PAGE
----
Passengers aboard Komagata Maru in Vancouver’s Burrard Inlet, 1914 - Library and Archives Canada image

Passengers aboard Komagata Maru in Vancouver’s Burrard Inlet, 1914 - Library and Archives Canada image

Abbotsford council is asked to rename street in memory of Komagata Maru victims

Most of 376 the passengers aboard ship were denied entry into Canada in 1914

Abbotsford city council has requested that staff prepare a report into a request to rename Fairlane Street in memory of the victims of the 1914 Komagata Maru incident that resulted in the deaths of 20 citizens of India.

Council at its executive meeting on Feb. 22 was unanimous in its support of such a move, but the protocol in place to rename streets requires a staff report.

The report will look at why the name “Fairlane” was initially chosen, and the costs of renaming it.

But councillors said if Fairlane doesn’t work for the renaming, another street should be chosen.

The 1914 incident involved the Japanese steamship Komagata Maru, on which 376 people from Punjab Province in British India attempted to immigrate to Canada, landing in Vancouver in May of that year.

Most were denied entry and, for 63 days, the passengers stayed on the ship with dwindling food and water, and were forced to return to India.

Within hours of disembarking, 20 of the passengers were killed in an encounter with British Indian police and troops.

Abbotsford resident Lakhwinder Jhaj appeared by video to make the street-renaming request. She told council that Surrey has renamed one of its streets – 75A Avenue – “Komagata Maru,” while there is a monument at Coal Harbour in Vancouver and storyboard signs at Social Heart Plaza in Delta.

RELATED: Surrey to rename street to commemorate Komagata Maru victims

RELATED: B.C. premier says lessons to learn from past racism during response to pandemic

Jhaj said doing something similar in Abbotsford would be “a positive declaration of moving forward.”

She said it makes sense to rename Fairlane Street because it borders the Gur Sikh Gurdwara (temple), which, as North America’s oldest gurdwara, has been designated a national historic site.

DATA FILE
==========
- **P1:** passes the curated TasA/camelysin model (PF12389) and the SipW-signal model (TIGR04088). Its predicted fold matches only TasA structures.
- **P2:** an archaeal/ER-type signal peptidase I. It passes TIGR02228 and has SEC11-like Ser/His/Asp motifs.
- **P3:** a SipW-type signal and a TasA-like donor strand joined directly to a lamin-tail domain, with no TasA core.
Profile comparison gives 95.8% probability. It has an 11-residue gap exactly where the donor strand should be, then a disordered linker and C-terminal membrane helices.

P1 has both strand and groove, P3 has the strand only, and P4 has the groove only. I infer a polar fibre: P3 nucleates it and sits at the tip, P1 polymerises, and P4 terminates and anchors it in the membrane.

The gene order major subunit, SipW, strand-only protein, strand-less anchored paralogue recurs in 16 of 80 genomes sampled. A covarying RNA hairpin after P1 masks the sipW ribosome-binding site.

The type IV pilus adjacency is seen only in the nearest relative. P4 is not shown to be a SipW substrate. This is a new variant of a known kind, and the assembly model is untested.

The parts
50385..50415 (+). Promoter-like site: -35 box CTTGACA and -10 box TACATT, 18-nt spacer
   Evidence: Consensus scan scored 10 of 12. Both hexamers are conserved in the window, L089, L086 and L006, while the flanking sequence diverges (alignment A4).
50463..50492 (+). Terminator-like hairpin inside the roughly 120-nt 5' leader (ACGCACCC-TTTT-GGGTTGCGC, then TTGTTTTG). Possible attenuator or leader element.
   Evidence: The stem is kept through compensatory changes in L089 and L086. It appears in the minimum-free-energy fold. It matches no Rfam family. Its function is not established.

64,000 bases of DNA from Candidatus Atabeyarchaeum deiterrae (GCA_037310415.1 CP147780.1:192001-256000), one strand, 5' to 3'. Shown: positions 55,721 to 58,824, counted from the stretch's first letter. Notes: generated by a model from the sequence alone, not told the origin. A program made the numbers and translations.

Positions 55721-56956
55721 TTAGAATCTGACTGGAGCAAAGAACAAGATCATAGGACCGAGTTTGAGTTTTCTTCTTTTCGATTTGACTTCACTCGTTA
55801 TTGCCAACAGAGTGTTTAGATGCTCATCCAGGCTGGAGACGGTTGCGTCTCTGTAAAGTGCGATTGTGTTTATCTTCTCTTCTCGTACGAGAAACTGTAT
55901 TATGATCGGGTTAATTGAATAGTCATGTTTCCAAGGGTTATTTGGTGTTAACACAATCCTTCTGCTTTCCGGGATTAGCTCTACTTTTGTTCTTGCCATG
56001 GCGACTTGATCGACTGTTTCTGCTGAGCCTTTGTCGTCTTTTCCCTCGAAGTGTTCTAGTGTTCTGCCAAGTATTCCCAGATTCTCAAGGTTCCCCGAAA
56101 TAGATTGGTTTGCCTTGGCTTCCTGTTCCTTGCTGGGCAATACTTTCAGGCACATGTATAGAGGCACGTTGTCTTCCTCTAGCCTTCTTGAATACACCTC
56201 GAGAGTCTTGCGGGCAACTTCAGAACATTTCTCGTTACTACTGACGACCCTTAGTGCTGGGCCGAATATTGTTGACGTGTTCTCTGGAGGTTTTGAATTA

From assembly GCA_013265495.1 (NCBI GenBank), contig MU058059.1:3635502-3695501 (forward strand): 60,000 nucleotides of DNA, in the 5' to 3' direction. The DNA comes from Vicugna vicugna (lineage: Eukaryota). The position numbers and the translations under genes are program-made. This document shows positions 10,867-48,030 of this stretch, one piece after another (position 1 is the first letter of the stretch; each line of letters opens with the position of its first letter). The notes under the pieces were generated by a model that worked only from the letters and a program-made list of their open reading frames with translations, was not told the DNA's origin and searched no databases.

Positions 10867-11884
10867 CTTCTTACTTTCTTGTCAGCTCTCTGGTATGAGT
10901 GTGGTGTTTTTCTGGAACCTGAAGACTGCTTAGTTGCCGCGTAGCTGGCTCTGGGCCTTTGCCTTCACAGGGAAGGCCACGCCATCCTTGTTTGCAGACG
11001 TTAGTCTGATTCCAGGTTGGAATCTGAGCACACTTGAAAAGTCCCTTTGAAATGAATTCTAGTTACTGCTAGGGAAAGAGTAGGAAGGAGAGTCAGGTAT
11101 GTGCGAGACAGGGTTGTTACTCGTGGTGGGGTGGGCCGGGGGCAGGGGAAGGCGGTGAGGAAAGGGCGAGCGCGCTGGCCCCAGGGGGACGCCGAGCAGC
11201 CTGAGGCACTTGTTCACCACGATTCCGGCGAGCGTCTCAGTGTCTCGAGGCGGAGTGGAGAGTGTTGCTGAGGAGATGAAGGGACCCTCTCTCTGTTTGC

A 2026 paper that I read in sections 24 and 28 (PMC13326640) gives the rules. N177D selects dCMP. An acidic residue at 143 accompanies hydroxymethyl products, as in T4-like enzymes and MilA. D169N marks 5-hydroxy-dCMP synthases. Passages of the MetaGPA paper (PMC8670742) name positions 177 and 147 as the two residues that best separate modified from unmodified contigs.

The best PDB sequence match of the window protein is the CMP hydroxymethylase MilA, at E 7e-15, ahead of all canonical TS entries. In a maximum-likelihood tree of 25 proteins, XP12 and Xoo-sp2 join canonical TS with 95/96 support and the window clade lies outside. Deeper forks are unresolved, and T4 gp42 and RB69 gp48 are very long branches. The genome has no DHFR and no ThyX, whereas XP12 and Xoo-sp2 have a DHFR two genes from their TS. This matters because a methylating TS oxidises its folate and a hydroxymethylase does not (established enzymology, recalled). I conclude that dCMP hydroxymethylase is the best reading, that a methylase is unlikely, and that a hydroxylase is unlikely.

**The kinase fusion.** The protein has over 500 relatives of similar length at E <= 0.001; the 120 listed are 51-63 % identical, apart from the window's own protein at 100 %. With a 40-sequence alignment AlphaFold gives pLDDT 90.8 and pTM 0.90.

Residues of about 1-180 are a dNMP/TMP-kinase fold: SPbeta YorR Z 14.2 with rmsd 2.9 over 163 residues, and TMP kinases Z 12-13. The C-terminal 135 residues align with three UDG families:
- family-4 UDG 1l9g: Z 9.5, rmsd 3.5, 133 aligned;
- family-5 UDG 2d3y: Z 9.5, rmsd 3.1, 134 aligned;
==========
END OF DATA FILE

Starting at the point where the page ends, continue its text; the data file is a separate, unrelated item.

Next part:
Jhaj said the South Asian community would be “honoured and humbled” to have a street named in memory of the Komagata Maru.

RELATED: Abbotsford wrestling coach attends historic apology for Komagata Maru incident

Abbotsford West MLA Mike de Jong, also appearing by video, backed Jhaj’s request. He introduced a motion in the House that resulted in a formal apology about the Komagata Maru incident from the B.C. government in May 2008.

He said there are “direct connections” between the 1914 incident and Abbotsford, whose citizens were among those fighting in support of the passengers stuck aboard the ship.

“The connection between the pioneers that are today recognized as having contributed so much to build Abbotsford over the last century and the pioneers that never were, because they weren’t allowed in the country, is a very real and tangible one,” he said.

Coun. Kelly Chahal said the Komagata Maru incident is “something we should never forget.” She said renaming a street can help “continue the conversation,” and there should be more consideration of such gestures in the future as new development occurs.

Coun. Patricia Ross said it is important that the incident is remembered and the people honoured.

“Also, because it creates discussions about racism and why this happened, and what’s happening today and how we can all do better,” she said.

Mayor Henry Braun said such an acknowledgment is overdue.

“This is a significant event, and it’s been recognized across Canada and British Columbia, and I think we for sure need to do this as well,” he said.

Surrey resident Raj Singh Toor, vice-president of the Descendants of the Komagata Maru Society, said on Friday (Feb. 26) that he was surprised to see that the matter had come before council.

Toor first approached the city two years ago and has had ongoing communication requesting that a street or park in Abbotsford be named in memory of the victims of the Komagata Maru incident.

“This would be greatly appreciated, not only by descendants of the passengers, and by all Sikhs in Canada, but by every Canadian who believes in treating all humans with dignity and respect,” he wrote in an email dated Feb. 25, 2019.

Toor, whose grandfather was among those aboard the Komagata Maru, said many Abbotsford residents helped give food, water and medications to passengers. They also contributed in trying to lease the ship in an attempt to keep it from being sent back to India, he said.

An email from the city indicated that he would be invited to speak before council, and Toor said he is disappointed that did not happen. But he said he is thankful that the victims of the Komagata Maru will be recognized in Abbotsford.



vhopes@abbynews.com

Like us on Facebook and follow us on Twitter

history